Matthias Church, Budapest: A Journey Through History
One of the great things about old churches in Europe is that they recall a time when Christianity was the dominant power in politics. However, in some countries such as Spain, Greece and Hungary, the architecture also reflects periods of time when Muslim rulers were in control: The Moors for Spain, and the Ottoman Empire elsewhere. In Hungary, one of the churches which has been affected by Muslim occupation is the Church of Our Lady, commonly called Matthias Church by the locals.
Matthias Church has a rich history. It was originally built in the 11th century by Saint Steven, King of Hungary. Although there is none of this original structure left, we do have some historical records of its destruction by the Mongols. Next, a new Gothic church was built on the site by King Bela, starting in 1255. Later on, a church hall was constructed, and the church also became part of Buda Castle.
Unfortunately, the peace of this church wasn’t to remain for long: the Ottoman Turks conquered Hungary in 1544. During the twenty-year war that led to this event, the church took a significant beating, losing its original medieval roof. To make matters worse, the Turks turned the church into a mosque, desecrating it. However, this wasn’t the end of the story: the locals hid a statue of the Virgin Mary inside its niche in the church sanctuary. One day, during the re-capturing of Hungary by the Europeans, the Turks were at Friday prayers. An explosion in a nearby building rattled the walls, exposing the hidden statue. Frightened, the Turks are said to have fled the building.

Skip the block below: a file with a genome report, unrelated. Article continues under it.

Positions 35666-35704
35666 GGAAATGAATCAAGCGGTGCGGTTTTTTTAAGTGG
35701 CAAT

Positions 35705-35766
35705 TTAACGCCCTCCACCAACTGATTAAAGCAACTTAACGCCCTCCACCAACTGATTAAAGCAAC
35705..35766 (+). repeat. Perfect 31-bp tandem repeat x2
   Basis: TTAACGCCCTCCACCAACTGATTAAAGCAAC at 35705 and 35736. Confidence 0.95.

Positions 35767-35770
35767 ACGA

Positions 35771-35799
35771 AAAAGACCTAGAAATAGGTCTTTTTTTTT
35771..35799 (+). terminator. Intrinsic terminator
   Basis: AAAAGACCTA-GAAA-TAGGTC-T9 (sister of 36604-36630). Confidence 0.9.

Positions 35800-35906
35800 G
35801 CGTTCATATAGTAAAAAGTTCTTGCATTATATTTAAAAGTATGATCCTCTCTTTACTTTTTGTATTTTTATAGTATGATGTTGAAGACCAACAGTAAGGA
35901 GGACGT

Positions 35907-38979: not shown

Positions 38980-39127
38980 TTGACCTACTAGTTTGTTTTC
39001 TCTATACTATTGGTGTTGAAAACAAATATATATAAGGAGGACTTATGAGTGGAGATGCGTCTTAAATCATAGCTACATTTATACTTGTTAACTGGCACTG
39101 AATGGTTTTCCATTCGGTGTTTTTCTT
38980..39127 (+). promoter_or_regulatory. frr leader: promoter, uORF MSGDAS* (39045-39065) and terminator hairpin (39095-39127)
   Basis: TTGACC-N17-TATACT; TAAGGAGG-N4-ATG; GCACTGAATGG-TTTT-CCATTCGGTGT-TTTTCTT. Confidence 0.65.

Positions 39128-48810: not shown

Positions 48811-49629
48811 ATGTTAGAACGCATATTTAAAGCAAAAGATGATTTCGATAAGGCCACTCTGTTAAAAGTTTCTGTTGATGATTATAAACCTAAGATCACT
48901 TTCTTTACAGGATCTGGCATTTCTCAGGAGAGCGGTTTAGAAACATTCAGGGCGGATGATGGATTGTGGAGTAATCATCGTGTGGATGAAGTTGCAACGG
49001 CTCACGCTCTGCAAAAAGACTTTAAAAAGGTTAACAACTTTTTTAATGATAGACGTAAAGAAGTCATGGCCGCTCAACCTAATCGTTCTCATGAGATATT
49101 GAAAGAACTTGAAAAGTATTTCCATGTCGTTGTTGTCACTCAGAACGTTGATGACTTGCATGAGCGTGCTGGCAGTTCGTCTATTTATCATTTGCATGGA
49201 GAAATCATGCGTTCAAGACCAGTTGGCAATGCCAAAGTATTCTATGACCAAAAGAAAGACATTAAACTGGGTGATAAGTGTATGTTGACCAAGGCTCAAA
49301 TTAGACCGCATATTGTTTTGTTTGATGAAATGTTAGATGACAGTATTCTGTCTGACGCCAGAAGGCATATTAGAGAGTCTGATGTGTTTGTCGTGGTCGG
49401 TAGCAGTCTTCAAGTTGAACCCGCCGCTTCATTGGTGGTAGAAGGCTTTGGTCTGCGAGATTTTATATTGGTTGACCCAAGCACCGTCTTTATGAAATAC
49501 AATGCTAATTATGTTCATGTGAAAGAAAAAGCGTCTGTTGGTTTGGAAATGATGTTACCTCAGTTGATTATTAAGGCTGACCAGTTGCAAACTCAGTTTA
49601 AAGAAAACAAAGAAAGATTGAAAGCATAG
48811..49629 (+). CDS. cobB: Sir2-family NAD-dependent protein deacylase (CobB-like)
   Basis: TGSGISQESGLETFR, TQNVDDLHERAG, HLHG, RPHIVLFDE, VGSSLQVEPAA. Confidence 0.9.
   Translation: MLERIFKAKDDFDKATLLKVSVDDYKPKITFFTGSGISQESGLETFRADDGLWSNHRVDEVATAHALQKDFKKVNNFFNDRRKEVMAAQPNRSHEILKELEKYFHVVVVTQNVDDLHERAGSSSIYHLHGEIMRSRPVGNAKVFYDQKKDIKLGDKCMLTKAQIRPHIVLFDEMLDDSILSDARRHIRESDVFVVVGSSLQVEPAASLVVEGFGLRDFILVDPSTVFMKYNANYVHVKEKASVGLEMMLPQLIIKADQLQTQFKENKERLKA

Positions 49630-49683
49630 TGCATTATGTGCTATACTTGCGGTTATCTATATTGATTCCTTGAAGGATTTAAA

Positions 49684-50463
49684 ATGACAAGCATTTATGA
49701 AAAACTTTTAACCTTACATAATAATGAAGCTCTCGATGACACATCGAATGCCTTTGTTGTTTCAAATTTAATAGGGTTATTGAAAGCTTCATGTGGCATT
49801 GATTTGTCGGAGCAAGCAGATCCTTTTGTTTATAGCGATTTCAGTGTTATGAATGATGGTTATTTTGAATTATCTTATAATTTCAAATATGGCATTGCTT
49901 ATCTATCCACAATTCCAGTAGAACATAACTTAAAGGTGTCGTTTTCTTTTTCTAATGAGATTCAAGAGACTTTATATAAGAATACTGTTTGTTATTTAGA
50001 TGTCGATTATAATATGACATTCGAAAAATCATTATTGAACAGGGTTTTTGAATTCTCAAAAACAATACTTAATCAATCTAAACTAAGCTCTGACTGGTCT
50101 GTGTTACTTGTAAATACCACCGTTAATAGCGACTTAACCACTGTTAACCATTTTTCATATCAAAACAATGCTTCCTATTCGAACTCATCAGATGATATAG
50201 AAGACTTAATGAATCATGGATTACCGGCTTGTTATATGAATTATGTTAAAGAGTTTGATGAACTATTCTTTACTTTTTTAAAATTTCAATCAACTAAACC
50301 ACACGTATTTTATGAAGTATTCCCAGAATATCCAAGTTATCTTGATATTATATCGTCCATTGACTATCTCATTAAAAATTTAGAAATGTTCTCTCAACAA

With Hungary liberated, Matthias Church returned to its proper use. It was passed between the Franciscan and Jesuit orders, who rebuilt the altar and pulpit, among other things necessary for Catholic worship. Between the 1870’s and 1890’s, the structure was restored to reflect the old Gothic floor plans, and an organ was added in the early 20th century.
While little of the original two structures remain, Matthias Church is a gem that demonstrates the triumph of Christianity over Islam. It’s been rebuilt at least twice, and taken extensive renovations. What’s interesting though is how it was done each time. In particular, after the roof was destroyed by fire during the war that led to Ottoman occupation, a new one was built with brightly colored tiles. This is a stark contrast with the traditional Medieval wood roof with plainer tiles. There are also two towers: Bela tower, in honor of King Bela, and Matthias Tower, in honor of King Matthias. The latter tower holds the cathedral bells.
Sadly, one of the casualties of Ottoman conversion to a mosque was the loss of Matthias Church’s beautiful frescoes. However, the modern structure has a combination of Ottoman and European decoration styles, including non-figural decorative painting on the ceiling. Stained glass windows lend an old-world flair to this church that’s been through so much in its long history.
After the restoration of the Hungarian monarchy, Matthias Church became the site of many royal weddings and funerals. The last two kings of Hungary were crowned here, as well. Due to this royal connection, there is a replica of the coronation regalia in the church, and several kings and queens are buried in the crypt. There’s also a museum of sacred art, as well as a Knights of Malta chapel. In this chapel, the coats of arms of deceased Hungarian clergy members are hung. Each year, on All Saint’s Day, there’s a special ceremony honoring them and adding to the collection of shields as appropriate. What a great addition to a church that has overcome so much!
So, has anyone had a chance to see this church in person?
~Soli Deo Gloria~
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